15You shall not make a covenant with the inhabitants of the land, for when they prostitute themselves to their gods and sacrifice to their gods, someone among them will invite you, and you will eat of the sacrifice. 16And you will take wives from among their daughters for your sons, and their daughters who prostitute themselves to their gods will make your sons also prostitute themselves to their gods.
17You shall not make cast idols.
18You shall keep the festival of unleavened bread. Seven days you shall eat unleavened bread, as I commanded you, at the time appointed in the month of Abib; for in the month of Abib you came out from Egypt.
19All that first opens the womb is mine, all your male livestock, the firstborn of cow and sheep. 20The firstborn of a donkey you shall redeem with a lamb, or if you will not redeem it you shall break its neck. All the firstborn of your sons you shall redeem. No one shall appear before me empty-handed.
21Six days you shall work, but on the seventh day you shall rest; even in plowing time and in harvest time you shall rest.
22You shall observe the festival of weeks, the first fruits of wheat harvest, and the festival of ingathering at the turn of the year. 23Three times in the year all your males shall appear before the Lord God, the God of Israel. 24For I will cast out nations before you, and enlarge your borders; no one shall covet your land when you go up to appear before the Lord your God three times in the year.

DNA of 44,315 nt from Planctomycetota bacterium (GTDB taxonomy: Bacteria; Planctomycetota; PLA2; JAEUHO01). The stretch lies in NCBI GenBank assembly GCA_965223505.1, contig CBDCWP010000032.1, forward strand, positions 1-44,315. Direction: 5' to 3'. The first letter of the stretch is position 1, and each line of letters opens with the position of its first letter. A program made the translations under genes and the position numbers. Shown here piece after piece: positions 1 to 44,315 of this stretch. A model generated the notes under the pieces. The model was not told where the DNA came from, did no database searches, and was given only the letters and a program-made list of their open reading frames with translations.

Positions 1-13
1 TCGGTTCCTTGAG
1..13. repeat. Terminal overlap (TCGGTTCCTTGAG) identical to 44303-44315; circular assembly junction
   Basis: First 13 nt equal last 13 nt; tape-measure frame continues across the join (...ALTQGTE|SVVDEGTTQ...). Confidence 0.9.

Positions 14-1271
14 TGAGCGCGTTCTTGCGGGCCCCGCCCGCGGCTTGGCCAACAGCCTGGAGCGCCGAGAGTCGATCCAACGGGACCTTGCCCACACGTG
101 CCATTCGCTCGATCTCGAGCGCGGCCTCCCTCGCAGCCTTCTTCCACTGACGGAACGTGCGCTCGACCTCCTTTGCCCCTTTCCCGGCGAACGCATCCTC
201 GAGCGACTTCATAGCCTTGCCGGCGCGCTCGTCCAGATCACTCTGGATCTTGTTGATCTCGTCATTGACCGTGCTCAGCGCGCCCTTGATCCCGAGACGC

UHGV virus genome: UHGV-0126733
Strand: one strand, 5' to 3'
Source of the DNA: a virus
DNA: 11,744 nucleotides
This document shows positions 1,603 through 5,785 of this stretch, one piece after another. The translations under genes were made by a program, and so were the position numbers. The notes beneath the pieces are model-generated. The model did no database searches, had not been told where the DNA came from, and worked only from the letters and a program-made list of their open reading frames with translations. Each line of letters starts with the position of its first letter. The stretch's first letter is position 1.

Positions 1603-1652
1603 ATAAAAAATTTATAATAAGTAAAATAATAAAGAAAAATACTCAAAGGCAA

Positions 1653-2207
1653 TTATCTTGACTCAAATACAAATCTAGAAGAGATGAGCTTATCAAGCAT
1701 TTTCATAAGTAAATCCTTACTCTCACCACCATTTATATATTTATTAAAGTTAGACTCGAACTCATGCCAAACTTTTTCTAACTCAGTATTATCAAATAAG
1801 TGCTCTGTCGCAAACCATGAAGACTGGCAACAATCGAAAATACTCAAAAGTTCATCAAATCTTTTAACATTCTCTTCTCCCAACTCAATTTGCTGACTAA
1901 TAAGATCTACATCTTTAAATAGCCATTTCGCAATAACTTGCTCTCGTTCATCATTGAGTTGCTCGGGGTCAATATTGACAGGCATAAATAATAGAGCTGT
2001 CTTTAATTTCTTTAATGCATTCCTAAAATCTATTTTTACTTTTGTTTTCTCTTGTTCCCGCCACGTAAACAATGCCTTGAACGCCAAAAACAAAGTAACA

25You shall not offer the blood of my sacrifice with leaven, and the sacrifice of the festival of the passover shall not be left until the morning.
26The best of the first fruits of your ground you shall bring to the house of the Lord your God.
You shall not boil a kid in its mother’s milk.
27The Lord said to Moses: Write these words; in accordance with these words I have made a covenant with you and with Israel. 28He was there with the Lord forty days and forty nights; he neither ate bread nor drank water. And he wrote on the tablets the words of the covenant, the ten commandments.
Moses was with the Lord on the mountain for forty days and forty nights. News flash: Being transformed into the likeness of Christ and thereby reflecting his glory does not happen overnight! The old song says it well — “Take Time to be Holy.” Sung by the Biola University Chorale, 1986, at the Crystal Cathedral in California. (Hear the birds and fountains at the end?)
The Shining Face of Moses
29Moses came down from Mount Sinai. As he came down from the mountain with the two tablets of the covenant in his hand, Moses did not know that the skin of his face shone because he had been talking with God.
Psalm 34:4-5 (English Standard Version)
I sought the LORD, and he answered me
and delivered me from all my fears.
Those who look to him are radiant,
and their faces shall never be ashamed.
Matthew 17:1-3 (New Living Translation)